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The Xbox Series X is Microsoft's next-gen console

By Kenneth Ang - on 13 Dec 2019, 6:14pm

The Xbox Series X is Microsoft's next-gen console

Well, at least we know it won't be called the "Xbox Two".

Earlier today at the Game Awards, Microsoft unveiled the newest member of the Xbox console family – the blocky, CPU-esque Xbox Series X. The console, which is slated to release worldwide sometime near the end of 2020, was formerly known to us only as "Project Scarlett". It'll go up directly against Sony's PlayStation 5, featuring a custom-designed CPU based on AMD's Zen 2 architecture and Radeon RDNA graphics. 

On top of the trailer, Microsoft made use of the Series X to showcase game developer Ninja Theory's newest title, Senua's Saga: Hellblade 2, a sequel to their previous, acclaimed title Hellblade: Senua's Sacrifice

On the technical end, although the console is reported to have around four times the processing power of the Xbox One X, Microsoft didn't drop any exact details on its specs. Still, what we do know at this point is that it will ship with a plethora of next-gen features, such as 8K gaming, 120 fps frame rates and ray-tracing support, among other things.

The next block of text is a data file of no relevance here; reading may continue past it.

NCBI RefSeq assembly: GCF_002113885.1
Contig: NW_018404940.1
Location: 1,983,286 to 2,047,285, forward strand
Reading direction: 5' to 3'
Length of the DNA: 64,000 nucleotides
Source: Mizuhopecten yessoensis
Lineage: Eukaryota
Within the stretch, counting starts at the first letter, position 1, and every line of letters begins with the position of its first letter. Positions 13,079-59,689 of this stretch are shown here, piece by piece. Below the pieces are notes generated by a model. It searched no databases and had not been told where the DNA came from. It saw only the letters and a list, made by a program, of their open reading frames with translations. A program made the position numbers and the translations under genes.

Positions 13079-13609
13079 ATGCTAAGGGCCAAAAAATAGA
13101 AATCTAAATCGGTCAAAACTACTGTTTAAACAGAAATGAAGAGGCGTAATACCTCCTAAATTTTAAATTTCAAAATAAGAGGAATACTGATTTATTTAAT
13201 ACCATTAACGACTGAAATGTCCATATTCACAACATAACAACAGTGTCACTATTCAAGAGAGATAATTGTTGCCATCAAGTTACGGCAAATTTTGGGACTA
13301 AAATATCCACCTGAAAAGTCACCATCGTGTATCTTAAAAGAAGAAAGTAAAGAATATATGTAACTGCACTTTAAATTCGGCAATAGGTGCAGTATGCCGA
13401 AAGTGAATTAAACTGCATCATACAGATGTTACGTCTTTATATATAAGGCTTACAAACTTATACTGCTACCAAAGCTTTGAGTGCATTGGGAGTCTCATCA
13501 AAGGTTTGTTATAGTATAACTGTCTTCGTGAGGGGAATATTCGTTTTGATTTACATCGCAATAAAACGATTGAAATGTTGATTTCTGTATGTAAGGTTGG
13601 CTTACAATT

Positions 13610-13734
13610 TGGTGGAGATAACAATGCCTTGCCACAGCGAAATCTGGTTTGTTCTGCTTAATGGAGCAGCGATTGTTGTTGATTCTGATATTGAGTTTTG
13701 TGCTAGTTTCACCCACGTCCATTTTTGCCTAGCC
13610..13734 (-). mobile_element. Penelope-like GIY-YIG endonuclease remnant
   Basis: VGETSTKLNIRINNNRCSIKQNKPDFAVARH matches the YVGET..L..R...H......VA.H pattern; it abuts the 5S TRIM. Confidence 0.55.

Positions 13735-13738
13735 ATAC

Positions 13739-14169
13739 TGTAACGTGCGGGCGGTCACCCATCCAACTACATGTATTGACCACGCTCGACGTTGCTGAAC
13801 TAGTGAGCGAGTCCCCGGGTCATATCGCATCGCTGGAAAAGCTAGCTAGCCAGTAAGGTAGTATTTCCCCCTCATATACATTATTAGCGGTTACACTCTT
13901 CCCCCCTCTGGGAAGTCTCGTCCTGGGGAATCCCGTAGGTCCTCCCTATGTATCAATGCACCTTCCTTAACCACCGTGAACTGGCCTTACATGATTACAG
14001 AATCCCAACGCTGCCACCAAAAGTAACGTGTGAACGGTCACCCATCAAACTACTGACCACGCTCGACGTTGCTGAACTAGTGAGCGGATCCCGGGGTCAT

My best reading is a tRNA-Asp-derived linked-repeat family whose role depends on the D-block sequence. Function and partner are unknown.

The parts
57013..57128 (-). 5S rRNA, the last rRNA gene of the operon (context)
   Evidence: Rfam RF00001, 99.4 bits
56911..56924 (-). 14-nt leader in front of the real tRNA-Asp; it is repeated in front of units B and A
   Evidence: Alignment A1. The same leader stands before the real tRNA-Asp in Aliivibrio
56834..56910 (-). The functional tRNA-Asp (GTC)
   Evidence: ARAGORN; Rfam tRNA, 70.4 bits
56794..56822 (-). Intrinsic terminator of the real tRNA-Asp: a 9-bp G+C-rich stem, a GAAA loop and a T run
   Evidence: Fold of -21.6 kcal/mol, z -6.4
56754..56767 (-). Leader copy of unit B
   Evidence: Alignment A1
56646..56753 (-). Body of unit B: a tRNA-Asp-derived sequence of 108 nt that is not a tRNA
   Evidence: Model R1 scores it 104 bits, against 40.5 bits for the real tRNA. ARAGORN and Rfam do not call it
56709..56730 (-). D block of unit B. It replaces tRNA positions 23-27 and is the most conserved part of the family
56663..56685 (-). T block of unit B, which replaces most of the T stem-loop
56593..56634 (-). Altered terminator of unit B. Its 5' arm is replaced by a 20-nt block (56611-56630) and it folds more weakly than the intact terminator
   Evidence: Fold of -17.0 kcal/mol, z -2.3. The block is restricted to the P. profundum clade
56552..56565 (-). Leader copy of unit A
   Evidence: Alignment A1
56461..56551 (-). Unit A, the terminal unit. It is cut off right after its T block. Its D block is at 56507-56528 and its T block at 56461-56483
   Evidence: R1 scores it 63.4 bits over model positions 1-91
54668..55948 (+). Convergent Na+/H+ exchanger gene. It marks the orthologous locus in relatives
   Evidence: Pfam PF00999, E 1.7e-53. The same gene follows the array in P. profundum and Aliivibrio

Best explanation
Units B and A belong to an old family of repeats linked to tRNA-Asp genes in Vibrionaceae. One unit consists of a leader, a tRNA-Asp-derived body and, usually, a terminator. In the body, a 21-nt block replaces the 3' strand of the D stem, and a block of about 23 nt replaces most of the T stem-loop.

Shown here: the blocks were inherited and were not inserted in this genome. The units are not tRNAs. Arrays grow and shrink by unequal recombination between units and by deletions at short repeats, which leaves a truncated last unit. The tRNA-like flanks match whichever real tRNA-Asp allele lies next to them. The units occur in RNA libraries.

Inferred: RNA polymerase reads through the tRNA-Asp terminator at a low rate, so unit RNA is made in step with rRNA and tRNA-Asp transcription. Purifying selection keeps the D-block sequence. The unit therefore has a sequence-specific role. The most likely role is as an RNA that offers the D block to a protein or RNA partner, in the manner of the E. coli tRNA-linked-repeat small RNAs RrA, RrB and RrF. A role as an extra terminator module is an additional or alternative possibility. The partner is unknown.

Oh, but it doesn't stop there. In their pursuit of greater responsiveness, the Xbox Series X will also sport an Auto Low Latency Mode (ALLM) as well as Dynamic Latency Input (DLI), which Xbox chief Phil Spencer says will "make Xbox Series X the most responsive console ever". Speaking of which, Microsoft also talked about their new controller design, which will primarily feature a more refined shape and a new "Share" button to facilitate the capture and sharing of in-game media. 

If anything, that sounds oddly reminiscent of Sony's DualShock 4 controller, but hey, we like to be surprised as much as the next guy.

Anyway, apart from making the console sound edgier, the term "Series X" implies that this won't be the only console Microsoft puts out this gen. Who knows, they just might go with what Nintendo did for the Switch previously, with both a separate, improved "Gen 2" version as well as a "Lite" version. How that's going to work is anyone's guess, but at this point, we think Xbox fans are just happy to lay eyes on a new console.

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